Democrats in Mississippi will long remember the night of Nov. 5, 2019.
That night, Republicans swept all eight statewide elections for the first time in the state’s modern political history.
Four-term Attorney General Jim Hood, who was considered the Democratic Party’s best shot at the Governor’s Mansion in at least 16 years, lost by five points to Republican Tate Reeves that night, even as Democratic gubernatorial candidates in Louisiana and Kentucky won their elections.
Lynn Fitch, the former state treasurer, became the state’s first Republican attorney general since Reconstruction. Democrats lost majority control of the three-member Public Service Commission, and they lost even more ground in the Legislature.
As recently as three terms ago, Democrats had real influence at the state level. The party had recently held statewide seats and enjoyed majorities in both chambers of the Legislature: 75-47 in the House, and 28-24 in the Senate. Today, 12 years later, Republicans have flipped the script, owning every statewide office and holding a supermajority in both legislative chambers: 74-44 in the House, and 36-16 in the Senate.
Beginning the evening following the 2019 general election, Mississippi Today interviewed more than six dozen prominent Democrats about the past, present and future of the Mississippi Democratic Party.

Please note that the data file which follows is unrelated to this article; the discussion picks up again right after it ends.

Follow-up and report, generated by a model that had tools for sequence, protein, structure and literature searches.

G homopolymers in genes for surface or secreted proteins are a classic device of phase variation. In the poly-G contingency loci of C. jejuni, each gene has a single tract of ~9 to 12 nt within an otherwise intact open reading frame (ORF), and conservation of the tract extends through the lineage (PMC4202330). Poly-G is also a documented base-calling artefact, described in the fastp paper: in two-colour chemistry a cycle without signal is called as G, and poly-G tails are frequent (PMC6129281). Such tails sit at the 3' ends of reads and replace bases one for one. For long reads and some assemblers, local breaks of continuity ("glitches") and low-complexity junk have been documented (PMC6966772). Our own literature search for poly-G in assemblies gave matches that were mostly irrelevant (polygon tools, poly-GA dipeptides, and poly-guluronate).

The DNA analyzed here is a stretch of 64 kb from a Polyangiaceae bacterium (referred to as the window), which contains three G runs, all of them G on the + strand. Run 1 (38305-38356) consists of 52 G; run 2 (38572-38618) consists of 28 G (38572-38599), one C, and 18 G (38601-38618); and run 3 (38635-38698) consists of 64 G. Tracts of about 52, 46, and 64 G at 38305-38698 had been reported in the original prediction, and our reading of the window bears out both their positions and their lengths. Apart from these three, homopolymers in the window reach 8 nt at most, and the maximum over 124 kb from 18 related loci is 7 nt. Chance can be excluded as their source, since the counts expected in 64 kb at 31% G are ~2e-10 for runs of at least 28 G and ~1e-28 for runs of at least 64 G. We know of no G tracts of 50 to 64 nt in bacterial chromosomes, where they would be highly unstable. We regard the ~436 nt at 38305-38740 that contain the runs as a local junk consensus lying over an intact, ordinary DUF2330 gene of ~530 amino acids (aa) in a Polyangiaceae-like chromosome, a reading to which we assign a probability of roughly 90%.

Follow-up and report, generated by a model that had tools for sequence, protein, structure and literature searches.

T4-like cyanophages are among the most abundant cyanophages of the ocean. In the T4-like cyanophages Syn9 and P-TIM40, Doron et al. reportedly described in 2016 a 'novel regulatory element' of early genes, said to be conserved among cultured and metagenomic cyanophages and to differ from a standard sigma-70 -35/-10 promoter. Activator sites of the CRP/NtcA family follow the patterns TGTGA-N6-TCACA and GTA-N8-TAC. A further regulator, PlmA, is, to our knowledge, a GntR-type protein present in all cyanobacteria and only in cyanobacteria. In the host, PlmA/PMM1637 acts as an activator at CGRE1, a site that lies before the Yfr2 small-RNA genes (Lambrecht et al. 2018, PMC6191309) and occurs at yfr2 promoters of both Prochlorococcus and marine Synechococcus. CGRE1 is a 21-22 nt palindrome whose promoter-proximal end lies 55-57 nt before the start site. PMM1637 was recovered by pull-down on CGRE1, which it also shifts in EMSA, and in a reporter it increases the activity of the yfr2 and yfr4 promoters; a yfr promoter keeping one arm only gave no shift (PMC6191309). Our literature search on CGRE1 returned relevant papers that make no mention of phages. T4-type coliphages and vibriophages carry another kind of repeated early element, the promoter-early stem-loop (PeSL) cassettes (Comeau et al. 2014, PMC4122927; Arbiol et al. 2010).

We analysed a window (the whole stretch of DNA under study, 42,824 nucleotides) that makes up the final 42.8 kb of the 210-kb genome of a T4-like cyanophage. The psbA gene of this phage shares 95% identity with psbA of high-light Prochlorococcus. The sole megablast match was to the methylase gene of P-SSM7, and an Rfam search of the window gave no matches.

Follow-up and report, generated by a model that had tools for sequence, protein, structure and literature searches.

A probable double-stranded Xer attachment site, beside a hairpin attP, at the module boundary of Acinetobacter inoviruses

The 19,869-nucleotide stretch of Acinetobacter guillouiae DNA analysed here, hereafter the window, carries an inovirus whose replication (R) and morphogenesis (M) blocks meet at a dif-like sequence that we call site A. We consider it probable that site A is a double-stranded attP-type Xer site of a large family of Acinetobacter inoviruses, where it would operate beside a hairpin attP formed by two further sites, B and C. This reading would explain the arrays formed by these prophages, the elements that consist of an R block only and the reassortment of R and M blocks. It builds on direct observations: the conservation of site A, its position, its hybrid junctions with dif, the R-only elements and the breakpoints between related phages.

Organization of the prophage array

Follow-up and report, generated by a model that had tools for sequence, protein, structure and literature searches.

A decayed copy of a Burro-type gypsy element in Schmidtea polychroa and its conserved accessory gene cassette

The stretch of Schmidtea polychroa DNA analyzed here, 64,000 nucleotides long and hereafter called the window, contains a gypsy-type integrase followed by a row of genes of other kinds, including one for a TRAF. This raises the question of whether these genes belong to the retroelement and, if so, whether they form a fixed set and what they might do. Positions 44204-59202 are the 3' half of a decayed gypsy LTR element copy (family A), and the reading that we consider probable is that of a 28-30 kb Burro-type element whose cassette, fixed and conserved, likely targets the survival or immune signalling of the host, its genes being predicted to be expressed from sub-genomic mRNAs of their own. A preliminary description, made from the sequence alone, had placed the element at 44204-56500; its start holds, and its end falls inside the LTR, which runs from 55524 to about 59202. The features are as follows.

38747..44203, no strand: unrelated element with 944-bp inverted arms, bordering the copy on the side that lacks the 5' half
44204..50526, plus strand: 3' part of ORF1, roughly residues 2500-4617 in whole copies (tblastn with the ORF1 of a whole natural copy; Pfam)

These sources include current and former party leaders; current and former elected officials at the federal, state and local levels; major donors from both inside and outside the state; political operatives both from Mississippi and who were brought here to work for campaigns; engaged volunteers of the party; and average voters who follow politics closely.
Based on those interviews, Mississippi Today published a three-part series about the Mississippi Democratic Party.
Part one illustrates how dysfunction and disorganization within the Mississippi Democratic Party led to the historic 2019 loss. Part two illustrates how a political identity crisis within the party is harming candidates up and down ticket. Part three illustrates how the party’s leadership has failed to support and devote resources to black Mississippians, who make up at least 70 percent of the party’s voting base.
At the conclusion of the series, Mississippi Today published a Q&A with current Democratic Party Chairman Bobby Moak.
The Article was originally published on Mississippi Today publishes three-part series on the Mississippi Democratic Party.